Substances often act differently on an atomic scale than they do in larger quantities when fewer atoms are at the surface of the overall structure and the forces of Newtonian physics come to dominate. At the atomic level, magnetic and other properties can be exaggerated, bonds among atoms are stronger, and catalytic reactions become more dynamic.
Nanotechnologists precisely energy groups of atoms and then assemble those groups into larger structures.
They foresee the treatment of tumors or genetic malignancies with “molecular machines” that root out bad cells or viral DNA sequences. Researchers at MIT found that after severing the optic nerve of hamsters, an injection of nanoparticle peptides
created a scaffold that allowed the severed nerve to regenerate and sight to be recovered. Already, filters made with nanoscale particles are being used to purify drinking water. The techniques used to manipulate materials at the nanoscale are not that different, conceptually, from those involved in everyday manufacturing.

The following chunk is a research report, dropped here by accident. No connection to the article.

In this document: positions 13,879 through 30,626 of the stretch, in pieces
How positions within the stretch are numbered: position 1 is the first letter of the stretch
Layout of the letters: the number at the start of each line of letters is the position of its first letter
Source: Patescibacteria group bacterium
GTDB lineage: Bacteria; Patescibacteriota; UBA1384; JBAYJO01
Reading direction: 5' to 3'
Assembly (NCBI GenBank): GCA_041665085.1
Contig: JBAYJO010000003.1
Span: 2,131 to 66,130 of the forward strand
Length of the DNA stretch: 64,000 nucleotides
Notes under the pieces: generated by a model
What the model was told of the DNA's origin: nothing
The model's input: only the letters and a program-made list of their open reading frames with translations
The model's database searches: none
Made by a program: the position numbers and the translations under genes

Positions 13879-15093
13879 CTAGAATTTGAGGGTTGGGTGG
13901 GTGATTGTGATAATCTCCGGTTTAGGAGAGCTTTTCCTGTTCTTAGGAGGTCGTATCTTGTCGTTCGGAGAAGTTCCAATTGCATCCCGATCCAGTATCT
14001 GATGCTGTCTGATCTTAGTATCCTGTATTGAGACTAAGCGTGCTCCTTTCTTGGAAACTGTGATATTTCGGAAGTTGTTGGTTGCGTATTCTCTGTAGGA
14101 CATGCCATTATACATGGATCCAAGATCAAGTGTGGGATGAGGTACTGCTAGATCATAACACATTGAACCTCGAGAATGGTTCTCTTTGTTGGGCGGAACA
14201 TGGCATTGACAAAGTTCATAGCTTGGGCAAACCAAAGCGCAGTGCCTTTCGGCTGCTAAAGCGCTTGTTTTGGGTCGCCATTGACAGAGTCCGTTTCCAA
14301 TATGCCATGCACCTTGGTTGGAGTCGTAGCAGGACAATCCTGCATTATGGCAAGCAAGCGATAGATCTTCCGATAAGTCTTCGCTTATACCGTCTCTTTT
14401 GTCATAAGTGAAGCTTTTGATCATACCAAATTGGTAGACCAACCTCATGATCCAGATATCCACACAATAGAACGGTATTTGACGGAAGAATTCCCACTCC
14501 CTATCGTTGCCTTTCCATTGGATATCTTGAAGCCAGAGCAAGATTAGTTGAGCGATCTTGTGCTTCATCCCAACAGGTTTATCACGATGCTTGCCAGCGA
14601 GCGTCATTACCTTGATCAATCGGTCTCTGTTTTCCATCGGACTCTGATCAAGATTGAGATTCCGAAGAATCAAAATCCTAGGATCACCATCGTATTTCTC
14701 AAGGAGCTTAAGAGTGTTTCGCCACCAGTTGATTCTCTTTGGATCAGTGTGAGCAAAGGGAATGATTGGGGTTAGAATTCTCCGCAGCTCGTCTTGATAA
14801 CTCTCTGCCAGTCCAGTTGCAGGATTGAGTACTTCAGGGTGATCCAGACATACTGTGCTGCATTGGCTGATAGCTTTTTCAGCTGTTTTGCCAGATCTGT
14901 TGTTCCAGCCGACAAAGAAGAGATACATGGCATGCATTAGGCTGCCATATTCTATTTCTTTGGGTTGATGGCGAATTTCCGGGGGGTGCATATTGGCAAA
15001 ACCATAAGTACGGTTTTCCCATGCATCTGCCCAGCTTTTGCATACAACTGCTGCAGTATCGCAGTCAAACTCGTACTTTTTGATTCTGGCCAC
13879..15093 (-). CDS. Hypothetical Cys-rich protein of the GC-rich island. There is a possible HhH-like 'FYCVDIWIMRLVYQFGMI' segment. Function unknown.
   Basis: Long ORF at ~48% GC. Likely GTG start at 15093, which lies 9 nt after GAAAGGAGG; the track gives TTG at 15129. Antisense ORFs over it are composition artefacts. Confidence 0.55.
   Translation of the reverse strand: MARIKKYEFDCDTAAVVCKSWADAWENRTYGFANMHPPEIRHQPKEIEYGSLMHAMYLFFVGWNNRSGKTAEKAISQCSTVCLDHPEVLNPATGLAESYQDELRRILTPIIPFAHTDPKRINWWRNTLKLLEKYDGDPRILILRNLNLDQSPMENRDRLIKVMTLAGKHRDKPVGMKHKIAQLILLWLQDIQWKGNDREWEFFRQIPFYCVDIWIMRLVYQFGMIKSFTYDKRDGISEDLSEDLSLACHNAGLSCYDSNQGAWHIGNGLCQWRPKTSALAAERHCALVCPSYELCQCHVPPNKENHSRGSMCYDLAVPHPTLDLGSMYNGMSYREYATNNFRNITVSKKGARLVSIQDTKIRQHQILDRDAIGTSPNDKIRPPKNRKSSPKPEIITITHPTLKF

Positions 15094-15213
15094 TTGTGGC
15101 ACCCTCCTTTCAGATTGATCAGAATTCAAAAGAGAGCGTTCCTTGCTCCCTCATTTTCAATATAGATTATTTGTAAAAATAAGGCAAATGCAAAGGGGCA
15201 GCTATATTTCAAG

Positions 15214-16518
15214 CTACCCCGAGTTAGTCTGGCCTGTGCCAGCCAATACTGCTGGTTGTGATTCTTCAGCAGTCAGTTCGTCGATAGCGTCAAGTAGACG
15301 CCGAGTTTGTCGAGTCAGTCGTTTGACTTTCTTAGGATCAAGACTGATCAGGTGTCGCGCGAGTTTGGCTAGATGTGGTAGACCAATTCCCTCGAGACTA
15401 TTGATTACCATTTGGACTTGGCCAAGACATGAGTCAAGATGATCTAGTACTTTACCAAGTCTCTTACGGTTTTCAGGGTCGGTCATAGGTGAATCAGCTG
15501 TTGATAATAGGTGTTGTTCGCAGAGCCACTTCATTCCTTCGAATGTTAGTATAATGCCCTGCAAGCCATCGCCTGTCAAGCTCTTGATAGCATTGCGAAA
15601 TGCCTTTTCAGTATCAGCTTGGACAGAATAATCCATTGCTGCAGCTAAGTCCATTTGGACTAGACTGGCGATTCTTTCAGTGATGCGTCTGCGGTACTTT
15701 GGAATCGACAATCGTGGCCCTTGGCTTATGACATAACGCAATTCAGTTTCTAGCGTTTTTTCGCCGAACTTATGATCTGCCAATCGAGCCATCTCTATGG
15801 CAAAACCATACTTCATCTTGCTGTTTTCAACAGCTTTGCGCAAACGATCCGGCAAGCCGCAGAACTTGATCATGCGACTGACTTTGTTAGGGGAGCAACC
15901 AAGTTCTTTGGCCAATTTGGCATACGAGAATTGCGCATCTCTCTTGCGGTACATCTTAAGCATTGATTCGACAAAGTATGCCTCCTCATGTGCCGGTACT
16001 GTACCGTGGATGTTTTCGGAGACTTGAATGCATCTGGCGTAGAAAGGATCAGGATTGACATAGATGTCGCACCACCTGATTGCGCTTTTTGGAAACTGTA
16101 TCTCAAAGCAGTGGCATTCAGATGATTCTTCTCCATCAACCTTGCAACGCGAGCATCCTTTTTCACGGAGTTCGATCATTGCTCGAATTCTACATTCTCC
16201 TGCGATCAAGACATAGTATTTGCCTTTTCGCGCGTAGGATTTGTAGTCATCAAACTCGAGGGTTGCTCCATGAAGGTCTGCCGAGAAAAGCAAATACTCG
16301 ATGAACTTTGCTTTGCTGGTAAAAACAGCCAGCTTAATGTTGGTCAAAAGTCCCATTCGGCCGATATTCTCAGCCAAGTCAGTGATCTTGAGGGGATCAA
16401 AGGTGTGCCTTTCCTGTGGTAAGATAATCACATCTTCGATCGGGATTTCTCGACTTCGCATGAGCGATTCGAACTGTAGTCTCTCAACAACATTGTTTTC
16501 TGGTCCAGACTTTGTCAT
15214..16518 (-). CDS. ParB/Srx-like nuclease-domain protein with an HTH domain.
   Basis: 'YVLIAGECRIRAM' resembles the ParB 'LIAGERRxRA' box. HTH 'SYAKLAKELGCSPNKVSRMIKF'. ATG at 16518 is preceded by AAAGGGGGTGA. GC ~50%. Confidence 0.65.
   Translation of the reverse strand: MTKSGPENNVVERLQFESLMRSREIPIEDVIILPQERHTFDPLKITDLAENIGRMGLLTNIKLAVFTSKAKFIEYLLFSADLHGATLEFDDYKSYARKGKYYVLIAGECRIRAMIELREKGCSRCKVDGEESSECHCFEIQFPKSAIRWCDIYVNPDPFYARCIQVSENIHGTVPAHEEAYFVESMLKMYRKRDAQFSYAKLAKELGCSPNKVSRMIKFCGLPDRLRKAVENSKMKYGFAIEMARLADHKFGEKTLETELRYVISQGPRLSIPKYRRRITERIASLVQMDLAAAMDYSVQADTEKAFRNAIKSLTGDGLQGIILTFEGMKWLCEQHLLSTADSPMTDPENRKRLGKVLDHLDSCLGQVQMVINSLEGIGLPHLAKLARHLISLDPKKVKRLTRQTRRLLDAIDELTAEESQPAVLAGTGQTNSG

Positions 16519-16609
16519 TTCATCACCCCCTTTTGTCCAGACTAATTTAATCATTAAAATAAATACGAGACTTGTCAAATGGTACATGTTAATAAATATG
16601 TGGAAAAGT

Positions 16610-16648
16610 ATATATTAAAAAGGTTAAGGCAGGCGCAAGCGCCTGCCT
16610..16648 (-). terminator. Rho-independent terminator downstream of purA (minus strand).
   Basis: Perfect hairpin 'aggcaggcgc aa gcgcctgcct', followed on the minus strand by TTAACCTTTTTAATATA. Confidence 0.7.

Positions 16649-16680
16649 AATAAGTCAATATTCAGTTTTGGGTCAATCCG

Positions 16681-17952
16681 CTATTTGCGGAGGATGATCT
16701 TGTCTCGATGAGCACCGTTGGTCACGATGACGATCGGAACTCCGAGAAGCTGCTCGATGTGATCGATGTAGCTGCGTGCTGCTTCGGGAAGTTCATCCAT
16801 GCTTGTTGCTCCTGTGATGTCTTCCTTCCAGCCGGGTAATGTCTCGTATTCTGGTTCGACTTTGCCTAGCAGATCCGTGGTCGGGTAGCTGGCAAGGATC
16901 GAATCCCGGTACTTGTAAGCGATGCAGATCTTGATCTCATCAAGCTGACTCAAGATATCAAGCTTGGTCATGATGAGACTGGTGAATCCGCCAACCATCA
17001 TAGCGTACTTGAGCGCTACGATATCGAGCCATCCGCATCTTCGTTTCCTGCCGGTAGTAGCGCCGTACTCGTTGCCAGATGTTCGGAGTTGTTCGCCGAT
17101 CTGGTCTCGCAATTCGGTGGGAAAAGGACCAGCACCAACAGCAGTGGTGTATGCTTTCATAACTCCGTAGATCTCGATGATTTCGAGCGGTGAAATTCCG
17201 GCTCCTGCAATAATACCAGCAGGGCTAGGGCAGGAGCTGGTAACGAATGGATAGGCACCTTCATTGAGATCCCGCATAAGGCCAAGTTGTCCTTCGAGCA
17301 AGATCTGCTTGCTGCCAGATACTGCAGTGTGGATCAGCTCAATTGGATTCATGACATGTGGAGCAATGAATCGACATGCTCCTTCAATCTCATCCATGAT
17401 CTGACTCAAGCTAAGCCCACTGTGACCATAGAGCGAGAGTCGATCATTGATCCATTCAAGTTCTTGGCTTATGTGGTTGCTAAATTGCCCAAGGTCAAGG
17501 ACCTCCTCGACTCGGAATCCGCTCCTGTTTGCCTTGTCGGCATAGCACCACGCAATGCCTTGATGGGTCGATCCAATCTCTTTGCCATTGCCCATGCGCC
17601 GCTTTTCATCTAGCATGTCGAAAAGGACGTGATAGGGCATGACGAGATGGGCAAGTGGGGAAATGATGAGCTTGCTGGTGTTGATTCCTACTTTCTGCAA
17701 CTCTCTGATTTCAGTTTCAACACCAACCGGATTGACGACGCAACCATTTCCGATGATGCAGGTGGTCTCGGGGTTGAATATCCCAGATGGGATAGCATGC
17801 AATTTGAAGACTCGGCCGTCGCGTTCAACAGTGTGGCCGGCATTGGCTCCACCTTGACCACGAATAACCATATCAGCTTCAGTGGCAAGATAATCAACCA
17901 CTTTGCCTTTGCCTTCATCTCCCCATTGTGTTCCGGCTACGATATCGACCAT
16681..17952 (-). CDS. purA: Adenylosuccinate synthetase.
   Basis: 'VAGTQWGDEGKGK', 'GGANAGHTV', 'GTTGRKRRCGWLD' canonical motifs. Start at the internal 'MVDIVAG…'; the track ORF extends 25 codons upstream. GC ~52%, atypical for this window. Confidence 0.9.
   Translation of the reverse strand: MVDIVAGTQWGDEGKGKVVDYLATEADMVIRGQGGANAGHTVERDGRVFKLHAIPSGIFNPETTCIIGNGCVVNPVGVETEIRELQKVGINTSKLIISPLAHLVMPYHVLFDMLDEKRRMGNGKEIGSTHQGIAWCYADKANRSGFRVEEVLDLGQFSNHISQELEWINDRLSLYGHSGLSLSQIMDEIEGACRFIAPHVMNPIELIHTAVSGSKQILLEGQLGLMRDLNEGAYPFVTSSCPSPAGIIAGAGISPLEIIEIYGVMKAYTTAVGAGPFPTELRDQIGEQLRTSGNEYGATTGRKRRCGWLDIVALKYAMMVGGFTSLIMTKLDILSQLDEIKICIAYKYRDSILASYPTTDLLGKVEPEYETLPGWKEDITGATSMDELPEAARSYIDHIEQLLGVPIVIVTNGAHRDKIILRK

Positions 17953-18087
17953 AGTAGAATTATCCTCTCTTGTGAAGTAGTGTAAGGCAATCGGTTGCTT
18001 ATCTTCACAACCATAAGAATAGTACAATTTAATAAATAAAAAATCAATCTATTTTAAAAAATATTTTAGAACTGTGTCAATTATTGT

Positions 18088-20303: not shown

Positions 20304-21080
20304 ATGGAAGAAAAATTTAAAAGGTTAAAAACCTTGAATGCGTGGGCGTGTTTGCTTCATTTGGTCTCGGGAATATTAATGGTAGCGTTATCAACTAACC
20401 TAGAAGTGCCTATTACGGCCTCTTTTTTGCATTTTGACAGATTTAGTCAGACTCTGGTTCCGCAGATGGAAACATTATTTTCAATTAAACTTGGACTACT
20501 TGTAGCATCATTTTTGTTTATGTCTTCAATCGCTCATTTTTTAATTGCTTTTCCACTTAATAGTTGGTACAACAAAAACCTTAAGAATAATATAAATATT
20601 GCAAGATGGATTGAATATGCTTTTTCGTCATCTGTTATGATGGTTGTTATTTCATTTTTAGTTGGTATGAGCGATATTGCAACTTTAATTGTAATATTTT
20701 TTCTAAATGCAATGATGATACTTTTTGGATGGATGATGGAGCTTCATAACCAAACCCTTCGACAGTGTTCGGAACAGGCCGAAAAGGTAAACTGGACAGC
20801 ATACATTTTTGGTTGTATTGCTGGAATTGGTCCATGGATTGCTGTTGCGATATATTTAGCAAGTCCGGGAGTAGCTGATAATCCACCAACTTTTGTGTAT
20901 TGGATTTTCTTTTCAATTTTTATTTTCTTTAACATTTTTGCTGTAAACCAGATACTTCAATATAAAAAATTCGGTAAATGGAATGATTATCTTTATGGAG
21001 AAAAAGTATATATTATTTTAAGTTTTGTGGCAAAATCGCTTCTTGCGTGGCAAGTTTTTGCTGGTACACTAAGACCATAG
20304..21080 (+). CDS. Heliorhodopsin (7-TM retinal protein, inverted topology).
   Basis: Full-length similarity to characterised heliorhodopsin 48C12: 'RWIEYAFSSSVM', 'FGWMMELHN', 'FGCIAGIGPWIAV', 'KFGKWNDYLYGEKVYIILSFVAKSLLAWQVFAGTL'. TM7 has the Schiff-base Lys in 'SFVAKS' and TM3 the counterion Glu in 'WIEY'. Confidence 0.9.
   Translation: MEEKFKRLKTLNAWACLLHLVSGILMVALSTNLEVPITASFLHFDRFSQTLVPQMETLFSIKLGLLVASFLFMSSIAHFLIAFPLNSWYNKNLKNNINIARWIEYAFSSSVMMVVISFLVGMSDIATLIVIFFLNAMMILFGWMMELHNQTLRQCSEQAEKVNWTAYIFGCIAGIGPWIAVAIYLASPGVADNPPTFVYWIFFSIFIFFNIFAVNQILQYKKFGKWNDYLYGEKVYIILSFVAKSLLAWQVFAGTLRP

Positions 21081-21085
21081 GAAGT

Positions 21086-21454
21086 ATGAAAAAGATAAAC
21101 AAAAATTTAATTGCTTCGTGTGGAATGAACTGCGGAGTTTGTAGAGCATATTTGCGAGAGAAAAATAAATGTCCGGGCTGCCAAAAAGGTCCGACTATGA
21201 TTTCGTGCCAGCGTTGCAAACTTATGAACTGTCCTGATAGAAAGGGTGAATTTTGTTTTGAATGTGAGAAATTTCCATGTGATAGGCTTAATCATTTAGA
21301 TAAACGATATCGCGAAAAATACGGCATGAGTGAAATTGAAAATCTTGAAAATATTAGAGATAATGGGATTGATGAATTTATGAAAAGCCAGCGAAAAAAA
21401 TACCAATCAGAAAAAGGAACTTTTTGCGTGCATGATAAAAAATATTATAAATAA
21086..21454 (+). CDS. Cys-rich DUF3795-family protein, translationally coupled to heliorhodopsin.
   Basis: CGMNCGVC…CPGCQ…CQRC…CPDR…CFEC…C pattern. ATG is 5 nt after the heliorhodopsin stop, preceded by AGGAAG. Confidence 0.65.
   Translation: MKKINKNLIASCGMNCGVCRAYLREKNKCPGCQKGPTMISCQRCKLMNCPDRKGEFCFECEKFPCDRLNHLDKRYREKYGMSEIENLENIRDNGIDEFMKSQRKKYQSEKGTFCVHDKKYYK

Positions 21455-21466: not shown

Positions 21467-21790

Advances in microprocessor production—the creation of thousands of circuits on silicon wafers through optical lithography, or etching
with light-already allows engineers to work at a scale of fewer than 100 nanometers. It may allow even smaller-scale work if more intense light or X-rays are used. Other nano techniques rely on
small-scale chemical or physical processes to let material build up an atom at a time. The way materials attract or repel each other at the atomic scale perhaps in the presence of a magnet or an electric current-allows researchers to grow carbon nanotubes, for example, or quantum dots, which may prove useful in a variety of applications.
According to the National Nanotechnology Initiative, more than 800
products incorporate nanotechnology in some way, and rapidly advancing technology suggests that number will only increase.